Morgan Stanley’s Gorman says Brexit will prompt a rethink of where operations need to be. The boss of banking giant Morgan Stanley isn’t sitting on the fence about what Brexit means. The firm will have to move some employees out of London and also leave more capital stranded abroad, CEO James Gorman said yesterday at Bloomberg’s The Year Ahead Summit.
For Gorman, “there’s nothing good about Brexit.”
“Now we’re going to have to have our headquarters in Europe, in addition. We are probably going to have to have, with our legal entities there, more capital and liquidity trapped in those legal entities. None of this is good.”
Brexit will force global firms to examine all their business lines and look at which operations are needed where — whether in Europe, Asia, or New York. “It’s going to open that door of people looking at exactly why they’re geographically placed where they’re placed,” said Gorman, who earlier this month suggested New York would gain the most finance-industry jobs in the fallout from Brexit.
Stick or Twist?
In Britain, Mark Carney is staying tight-lipped about whether he’ll remain at the Bank of England to help steer Britain through Brexit.Prime Minister Theresa May wants him to stay and has tried to smooth over recent misunderstandings, Bloomberg’s Svenja O’Donnell reports, citing unidentified officials. But Carney won’t commit. He said yesterday he’d like some time to mull it over:
“It’s an entirely personal decision. No one should read anything into that decision in terms of government policy,” he said. “Like everyone, I have personal circumstances which I have to manage.”
What May told Goldman
The Guardian has a voice recording of what it says is May speaking about the risks of Brexit at Goldman Sachs before the referendum. May was in the Remain camp, although she kept a low profile during the campaign. May, then home secretary, said that being part of a trading bloc of 500 million people is “significant” and brings investment, according to the recording. She also raised the prospect of firms moving to mainland Europe if the U.K. wasn’t in the EU. Asked about the recording late yesterday, her spokesman said “Britain made a clear choice to vote to leave the EU.” Answering questions in Parliament on Wednesday the prime minister said she wants “the best possible arrangement for trade with and operation within the single market.”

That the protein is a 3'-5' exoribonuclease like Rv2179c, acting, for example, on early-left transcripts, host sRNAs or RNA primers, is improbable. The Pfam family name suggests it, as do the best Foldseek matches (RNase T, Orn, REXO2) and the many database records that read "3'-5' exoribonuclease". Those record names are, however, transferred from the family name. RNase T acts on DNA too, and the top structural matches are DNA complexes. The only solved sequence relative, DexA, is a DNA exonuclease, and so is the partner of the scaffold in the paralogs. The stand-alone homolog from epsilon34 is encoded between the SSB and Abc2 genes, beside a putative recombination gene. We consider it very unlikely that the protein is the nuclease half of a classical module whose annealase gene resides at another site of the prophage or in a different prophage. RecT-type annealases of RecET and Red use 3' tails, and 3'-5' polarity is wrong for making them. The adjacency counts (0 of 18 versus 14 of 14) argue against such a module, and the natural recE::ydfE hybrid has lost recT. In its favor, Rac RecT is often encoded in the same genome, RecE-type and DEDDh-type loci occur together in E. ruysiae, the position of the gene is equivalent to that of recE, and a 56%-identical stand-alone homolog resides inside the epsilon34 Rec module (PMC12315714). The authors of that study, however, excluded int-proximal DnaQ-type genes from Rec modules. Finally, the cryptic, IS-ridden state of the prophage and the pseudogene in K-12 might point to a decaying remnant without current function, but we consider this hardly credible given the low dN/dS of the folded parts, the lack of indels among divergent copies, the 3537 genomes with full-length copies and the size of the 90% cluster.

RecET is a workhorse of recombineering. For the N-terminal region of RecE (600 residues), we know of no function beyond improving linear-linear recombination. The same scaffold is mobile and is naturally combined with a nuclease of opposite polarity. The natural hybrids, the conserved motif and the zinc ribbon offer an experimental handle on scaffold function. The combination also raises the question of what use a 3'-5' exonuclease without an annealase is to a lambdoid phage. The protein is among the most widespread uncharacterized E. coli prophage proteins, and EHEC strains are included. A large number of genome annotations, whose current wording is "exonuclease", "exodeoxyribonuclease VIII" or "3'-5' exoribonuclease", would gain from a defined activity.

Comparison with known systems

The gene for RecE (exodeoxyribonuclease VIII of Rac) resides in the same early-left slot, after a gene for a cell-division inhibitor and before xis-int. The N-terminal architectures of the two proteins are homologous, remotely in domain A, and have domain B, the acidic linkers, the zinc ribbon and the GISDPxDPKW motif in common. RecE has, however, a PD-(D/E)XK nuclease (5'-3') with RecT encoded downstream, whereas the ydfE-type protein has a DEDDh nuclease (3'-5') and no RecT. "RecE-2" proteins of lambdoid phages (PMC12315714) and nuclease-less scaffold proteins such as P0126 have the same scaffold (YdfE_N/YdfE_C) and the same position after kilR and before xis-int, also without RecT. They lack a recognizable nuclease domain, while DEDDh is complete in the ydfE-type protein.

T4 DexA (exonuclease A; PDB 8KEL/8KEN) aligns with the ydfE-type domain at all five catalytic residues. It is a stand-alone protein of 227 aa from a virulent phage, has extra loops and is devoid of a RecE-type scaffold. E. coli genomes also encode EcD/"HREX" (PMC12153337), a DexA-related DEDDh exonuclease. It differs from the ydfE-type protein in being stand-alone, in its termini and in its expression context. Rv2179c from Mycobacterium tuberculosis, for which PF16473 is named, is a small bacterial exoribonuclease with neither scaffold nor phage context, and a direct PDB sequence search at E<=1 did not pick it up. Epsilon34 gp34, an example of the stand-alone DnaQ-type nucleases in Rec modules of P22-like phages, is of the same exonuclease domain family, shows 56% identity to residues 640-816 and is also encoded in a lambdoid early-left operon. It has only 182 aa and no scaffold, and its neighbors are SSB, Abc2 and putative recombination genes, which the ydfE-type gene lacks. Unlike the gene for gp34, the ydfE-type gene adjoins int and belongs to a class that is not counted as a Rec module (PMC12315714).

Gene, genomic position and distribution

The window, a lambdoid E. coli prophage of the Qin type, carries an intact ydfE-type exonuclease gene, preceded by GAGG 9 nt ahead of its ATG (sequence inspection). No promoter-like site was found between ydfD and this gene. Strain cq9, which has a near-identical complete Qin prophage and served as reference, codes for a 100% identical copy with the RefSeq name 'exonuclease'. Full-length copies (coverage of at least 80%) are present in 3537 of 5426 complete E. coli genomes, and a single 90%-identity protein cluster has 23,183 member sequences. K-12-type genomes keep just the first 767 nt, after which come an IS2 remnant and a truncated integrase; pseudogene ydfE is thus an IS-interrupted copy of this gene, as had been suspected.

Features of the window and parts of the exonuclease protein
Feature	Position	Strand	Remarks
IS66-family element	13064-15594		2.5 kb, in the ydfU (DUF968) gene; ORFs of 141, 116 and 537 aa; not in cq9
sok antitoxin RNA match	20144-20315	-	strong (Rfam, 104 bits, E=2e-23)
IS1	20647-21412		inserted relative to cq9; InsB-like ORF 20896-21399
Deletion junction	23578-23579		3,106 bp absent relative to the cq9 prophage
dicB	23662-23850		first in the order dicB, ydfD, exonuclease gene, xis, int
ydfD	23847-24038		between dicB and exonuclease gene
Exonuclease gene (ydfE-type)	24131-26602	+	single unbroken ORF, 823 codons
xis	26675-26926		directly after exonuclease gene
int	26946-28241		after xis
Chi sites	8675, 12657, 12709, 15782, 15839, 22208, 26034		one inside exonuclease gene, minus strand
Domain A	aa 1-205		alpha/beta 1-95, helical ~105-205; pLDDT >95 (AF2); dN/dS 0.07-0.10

More forecasts on the economic fallout from Brexit: London house prices will fall 5.6 percent next year, according to the Centre for Economics and Business Research. “Nervousness and uncertainty are starting to show,” said Kay Daniel Neufeld, an economist at Cebr. “We expect to see house-price growth across the U.K. slowing considerably in the fourth quarter of 2016, a trend that is set to continue in 2017.” While the housing market was already facing headwinds from tax changes before June’s EU referendum, investors are becoming increasingly nervous about the possibility of a hard Brexit. Sales and spend in prime central London areas are already on the slide, as recent data have shown.
- Paris wants to be the new home for the European Banking Authority
- Chancellor Philip Hammond faces an £84 billion ($102 billion) deterioration in public finances over the next five years, the Resolution Foundation says
- Conservative lawmaker Zac Goldsmith resigned over the Heathrow expansion, prompting a special election that may turn into a mini-referendum on Brexit
- General Motors is looking at cost cuts, after raising prices 2.5 percent in the U.K. Brexit-related currency moves cost GM $100 million in the third quarter with another $300 million expected in the fourth
- Ireland is pitching for the European Banking Authority to move to Dublin from London
- Metropolitan Police chiefs will appear in the House of Lords today to talk about the impact of Brexit on anti-terrorism efforts.
On the Markets
As U.K. stocks hover near all-time highs, the optimism that took them there is starting to fade. Investors are paying the most since early June to hedge against swings in the benchmark FTSE 100 Index relative to the regional Euro Stoxx 50 Index. The U.K. gauge, up 12 percent this year thanks to a slumping pound, has been hovering around 7,000 for most of the month, though it failed to maintain a record reached intraday on Oct. 11.
The upcoming U.S. presidential election will not deliver a Brexit-type surprise, despite what Donald Trump insists, poll-watchers say. Republican pollster Frank Luntz and FiveThirtyEight forecaster Harry Enten were among those debunking Trump’s campaign cry that his supporters will deliver a “Brexit times five” on Nov. 8. Why? Well, Brexit polls “showed a tie,” Luntz tweeted, while U.S. polls do not. The U.S. also has “more (and better) pollsters” than the U.K., he said. “The Brexit comparison is quite wrong,” Enten tweeted. “The UK 2015 general elex comparison is a better one, but no one will make it cause it’s more complex.”
Sources: QGN, Gulf Agencies, Bloomberg, Reuters, BBC News.